Globular clusters offer some of the most spectacular sights in the night sky. These ornate spheres contain hundreds of thousands of stars, and reside in the outskirts of galaxies. The Milky Way contains over 150 globular clusters, and NGC 362 is one of the more unusual ones.
As stars make their way through life they fuse elements together in their cores, creating heavier and heavier elements—astronomers call anything further up the period table than helium a “metal”—in the process. When stars die, they flood their surroundings with the material they have formed during their lifetimes, enriching the interstellar medium with metals. New stars that form from the remnants of older stars contain higher proportions of metals than their older relatives. The stars in NGC 362 contain a surprisingly high metal content, indicating that it is younger, second generation stars. Most globular clusters are much older than the majority of stars in their host galaxy, but NGC 362 bucks the trend, with an age lying between 10 and 11 billion years old. That makes them newbies compared the average age of a star in the Milky Way, 13 billion years.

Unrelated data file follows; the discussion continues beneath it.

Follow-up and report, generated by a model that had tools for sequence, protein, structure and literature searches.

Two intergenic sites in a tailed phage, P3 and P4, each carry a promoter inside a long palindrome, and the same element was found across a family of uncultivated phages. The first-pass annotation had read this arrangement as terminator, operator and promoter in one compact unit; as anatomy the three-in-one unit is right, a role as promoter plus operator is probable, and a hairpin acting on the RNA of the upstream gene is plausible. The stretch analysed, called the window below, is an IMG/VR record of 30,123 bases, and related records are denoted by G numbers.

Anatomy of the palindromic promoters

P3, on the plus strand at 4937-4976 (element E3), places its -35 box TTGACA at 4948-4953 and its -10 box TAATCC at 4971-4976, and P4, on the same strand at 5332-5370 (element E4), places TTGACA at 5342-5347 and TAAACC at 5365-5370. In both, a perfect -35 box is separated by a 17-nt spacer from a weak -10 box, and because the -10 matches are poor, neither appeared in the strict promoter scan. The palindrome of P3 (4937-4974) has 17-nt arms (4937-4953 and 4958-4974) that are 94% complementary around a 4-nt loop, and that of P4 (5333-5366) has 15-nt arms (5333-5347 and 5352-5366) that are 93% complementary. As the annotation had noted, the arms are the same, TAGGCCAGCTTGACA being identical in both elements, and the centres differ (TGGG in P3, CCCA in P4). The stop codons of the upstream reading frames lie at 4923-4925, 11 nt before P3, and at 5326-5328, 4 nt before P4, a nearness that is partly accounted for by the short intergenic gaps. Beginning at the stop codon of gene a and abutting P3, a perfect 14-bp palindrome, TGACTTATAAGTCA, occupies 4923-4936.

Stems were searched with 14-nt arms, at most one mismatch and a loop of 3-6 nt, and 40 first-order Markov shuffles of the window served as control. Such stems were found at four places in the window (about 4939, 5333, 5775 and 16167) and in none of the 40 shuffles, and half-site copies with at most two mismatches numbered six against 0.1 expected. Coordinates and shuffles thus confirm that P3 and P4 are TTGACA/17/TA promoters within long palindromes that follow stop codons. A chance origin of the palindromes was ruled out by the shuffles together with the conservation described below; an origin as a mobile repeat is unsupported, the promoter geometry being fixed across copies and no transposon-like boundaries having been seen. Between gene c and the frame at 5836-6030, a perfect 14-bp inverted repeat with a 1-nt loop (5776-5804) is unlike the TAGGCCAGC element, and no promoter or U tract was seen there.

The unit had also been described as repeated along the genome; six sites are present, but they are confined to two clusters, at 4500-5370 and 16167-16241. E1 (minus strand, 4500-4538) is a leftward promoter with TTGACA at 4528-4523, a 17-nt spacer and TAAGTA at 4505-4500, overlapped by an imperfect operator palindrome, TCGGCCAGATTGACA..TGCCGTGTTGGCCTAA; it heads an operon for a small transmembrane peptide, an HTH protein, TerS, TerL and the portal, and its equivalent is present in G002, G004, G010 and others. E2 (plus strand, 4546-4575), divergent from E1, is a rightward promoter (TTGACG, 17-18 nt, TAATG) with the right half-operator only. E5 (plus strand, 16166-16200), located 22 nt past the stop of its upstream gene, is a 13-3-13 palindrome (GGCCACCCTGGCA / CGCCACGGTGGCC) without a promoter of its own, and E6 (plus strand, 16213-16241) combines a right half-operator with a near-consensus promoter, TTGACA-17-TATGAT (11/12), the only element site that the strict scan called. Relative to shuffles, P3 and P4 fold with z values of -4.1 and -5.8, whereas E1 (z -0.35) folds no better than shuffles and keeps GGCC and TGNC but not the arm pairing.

Image Credit: ESA / NASA